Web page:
Get The Most Out of Your Heirloom and Beefsteak Tomatoes From Backyard Eats
Harvesting Heirloom and Beefsteak Tomatoes
When It’s Ready
Tomatoes can be harvested any time after the appearance of orange or yellow coloring on the blossom end (bottom). Harvest at this stage and bring inside where it will be protected from critters, insects, and excessive rain.
“Once tomatoes start ripening, check the vines almost daily in order to harvest fruits at their peak.” [RUEOG]
“Most plants can survive a light frost if adequately mulched, but at the first sign of a heavy frost, harvest all the fruits, even the green ones.” [RUEOG]
When It’s Too Late
- Excessive rainfall may cause ripening or ripe tomatoes to split, which is one reason we recommend harvesting before ripening.
- Overripe tomatoes will begin to fall from the vine, or be easily smashed with light pressure.
- Cut or gently twist off the fruits, supporting the vine at the same time to keep from damaging it.
- If a fruit does not detach easily from the vine, leave it to fully ripen unless in danger of hard frost.
Growing Heirloom and Beefsteak
Heirloom tomatoes come in a variety of shapes, sizes, and colors, and are known for their unique and complex flavors. Heirloom tomatoes are typically used as a vegetable ingredient, and can be eaten raw or cooked. They can be sliced and used in salads, sandwiches, or as a topping for pizza or bruschetta. They can also be roasted, grilled, or stewed to bring out their rich and savory flavor.
Varieties of Heirloom and Beefsteak Tomatoes:
Beefsteak Tomato ‘Big Beef’ | Black Beefsteak Tomato ‘Carbon’ | Early Tomato ‘New Girl’, Heirloom Tomato ‘Mortgage Lifter’ | Large Heirloom Tomato ‘Brandywine’ | Multicolor Tomato ‘Pineapple Express’
Storing Heirloom and Beefsteak Tomatoes
- Ripe tomatoes will keep refrigerated for several weeks, or shorter when kept at room temperature.
- Green tomatoes will eventually ripen if kept in a warm place out of direct sunlight. To slowly ripen green tomatoes, and thereby extend your harvest, wrap them in newspaper and place in a dark, cool area, checking frequently to make sure that none rot.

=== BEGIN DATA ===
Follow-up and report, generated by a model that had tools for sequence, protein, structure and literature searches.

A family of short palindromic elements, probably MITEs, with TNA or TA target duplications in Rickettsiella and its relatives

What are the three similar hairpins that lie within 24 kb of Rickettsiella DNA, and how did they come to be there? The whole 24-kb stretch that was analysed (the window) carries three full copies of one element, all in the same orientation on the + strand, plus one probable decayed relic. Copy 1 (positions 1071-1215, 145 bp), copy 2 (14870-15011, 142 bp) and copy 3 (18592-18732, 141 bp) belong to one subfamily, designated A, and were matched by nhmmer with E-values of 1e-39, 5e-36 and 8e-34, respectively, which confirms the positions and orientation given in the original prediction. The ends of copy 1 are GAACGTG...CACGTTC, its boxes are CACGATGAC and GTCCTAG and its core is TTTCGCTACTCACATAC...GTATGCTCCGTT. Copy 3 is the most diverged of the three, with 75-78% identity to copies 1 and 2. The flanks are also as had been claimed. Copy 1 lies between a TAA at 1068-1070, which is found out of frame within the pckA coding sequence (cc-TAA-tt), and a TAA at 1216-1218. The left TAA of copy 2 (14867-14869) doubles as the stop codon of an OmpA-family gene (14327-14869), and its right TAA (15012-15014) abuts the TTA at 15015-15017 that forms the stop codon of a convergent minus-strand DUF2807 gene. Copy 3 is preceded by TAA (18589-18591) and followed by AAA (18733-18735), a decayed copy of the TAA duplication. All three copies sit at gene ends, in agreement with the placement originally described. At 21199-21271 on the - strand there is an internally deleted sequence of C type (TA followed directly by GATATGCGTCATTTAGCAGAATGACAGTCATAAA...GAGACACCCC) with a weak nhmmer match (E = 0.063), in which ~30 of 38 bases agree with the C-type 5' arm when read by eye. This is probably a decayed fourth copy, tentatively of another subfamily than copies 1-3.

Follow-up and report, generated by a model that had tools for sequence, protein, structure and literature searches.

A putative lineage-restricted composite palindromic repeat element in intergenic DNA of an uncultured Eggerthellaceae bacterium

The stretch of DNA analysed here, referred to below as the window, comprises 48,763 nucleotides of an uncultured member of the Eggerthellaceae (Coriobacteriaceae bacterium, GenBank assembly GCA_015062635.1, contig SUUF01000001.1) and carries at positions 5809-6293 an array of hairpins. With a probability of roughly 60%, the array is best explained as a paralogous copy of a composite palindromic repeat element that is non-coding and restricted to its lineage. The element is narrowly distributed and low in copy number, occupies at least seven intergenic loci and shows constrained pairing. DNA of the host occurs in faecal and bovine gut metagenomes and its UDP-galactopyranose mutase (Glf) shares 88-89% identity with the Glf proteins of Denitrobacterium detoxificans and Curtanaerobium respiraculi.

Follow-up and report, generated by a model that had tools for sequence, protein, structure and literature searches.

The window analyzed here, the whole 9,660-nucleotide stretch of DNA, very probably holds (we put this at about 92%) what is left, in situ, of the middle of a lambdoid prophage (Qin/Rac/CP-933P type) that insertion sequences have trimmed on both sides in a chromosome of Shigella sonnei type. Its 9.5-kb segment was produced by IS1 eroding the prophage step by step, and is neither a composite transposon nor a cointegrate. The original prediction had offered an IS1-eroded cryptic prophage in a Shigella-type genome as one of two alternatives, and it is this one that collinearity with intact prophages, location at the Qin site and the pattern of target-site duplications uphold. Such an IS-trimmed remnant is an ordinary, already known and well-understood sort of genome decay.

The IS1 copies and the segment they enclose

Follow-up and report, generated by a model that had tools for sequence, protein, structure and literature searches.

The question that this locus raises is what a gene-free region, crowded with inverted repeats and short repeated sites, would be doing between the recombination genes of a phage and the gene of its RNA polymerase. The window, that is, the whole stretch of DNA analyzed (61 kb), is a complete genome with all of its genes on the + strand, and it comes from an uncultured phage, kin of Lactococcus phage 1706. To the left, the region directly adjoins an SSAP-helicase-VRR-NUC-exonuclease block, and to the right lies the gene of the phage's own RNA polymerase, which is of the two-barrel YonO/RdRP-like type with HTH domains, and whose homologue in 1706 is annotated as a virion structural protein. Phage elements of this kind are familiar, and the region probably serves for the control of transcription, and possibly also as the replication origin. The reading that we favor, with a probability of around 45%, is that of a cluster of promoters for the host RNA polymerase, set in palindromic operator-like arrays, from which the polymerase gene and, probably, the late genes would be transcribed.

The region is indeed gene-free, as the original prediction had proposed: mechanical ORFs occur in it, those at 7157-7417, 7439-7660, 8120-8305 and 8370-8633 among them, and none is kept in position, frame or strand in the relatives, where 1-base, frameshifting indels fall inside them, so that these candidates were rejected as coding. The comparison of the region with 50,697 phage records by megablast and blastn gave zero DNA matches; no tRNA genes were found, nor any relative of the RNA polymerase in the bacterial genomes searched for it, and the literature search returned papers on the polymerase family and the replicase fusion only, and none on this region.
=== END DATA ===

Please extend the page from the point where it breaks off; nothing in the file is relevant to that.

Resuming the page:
- Allow your tomato to come to room temperature before serving.
- Partially damaged or rotten tomatoes can be used in sauces if the damaged portion is completely removed.
Cooking With Heirloom and Beefsteak Tomatoes
- Heirloom Tomato Caprese Salad: Slice heirloom tomatoes and layer them with fresh mozzarella cheese, basil leaves, and a drizzle of balsamic glaze or olive oil. Sprinkle with salt and pepper for a colorful and delicious Caprese salad.
- Beefsteak Tomato Sandwich: Slice beefsteak tomatoes and use them as the star ingredient in a classic sandwich. Layer with lettuce, bacon, avocado, and your choice of meats or cheeses for a satisfying and juicy sandwich.
- Heirloom Tomato Bruschetta: Dice heirloom tomatoes and mix them with minced garlic, fresh basil, olive oil, salt, and pepper. Spoon the mixture onto toasted baguette slices for a vibrant and flavorful appetizer.
- Grilled Beefsteak Tomato: Slice beefsteak tomatoes into thick rounds, brush with olive oil, and grill them until slightly charred. Sprinkle with salt, pepper, and herbs like thyme or rosemary for a smoky and flavorful side dish or burger topping.
- Heirloom Tomato Gazpacho: Blend ripe heirloom tomatoes with cucumbers, bell peppers, onions, garlic, and herbs to create a refreshing gazpacho soup. Serve chilled and garnish with a drizzle of olive oil and chopped herbs for a light and flavorful starter.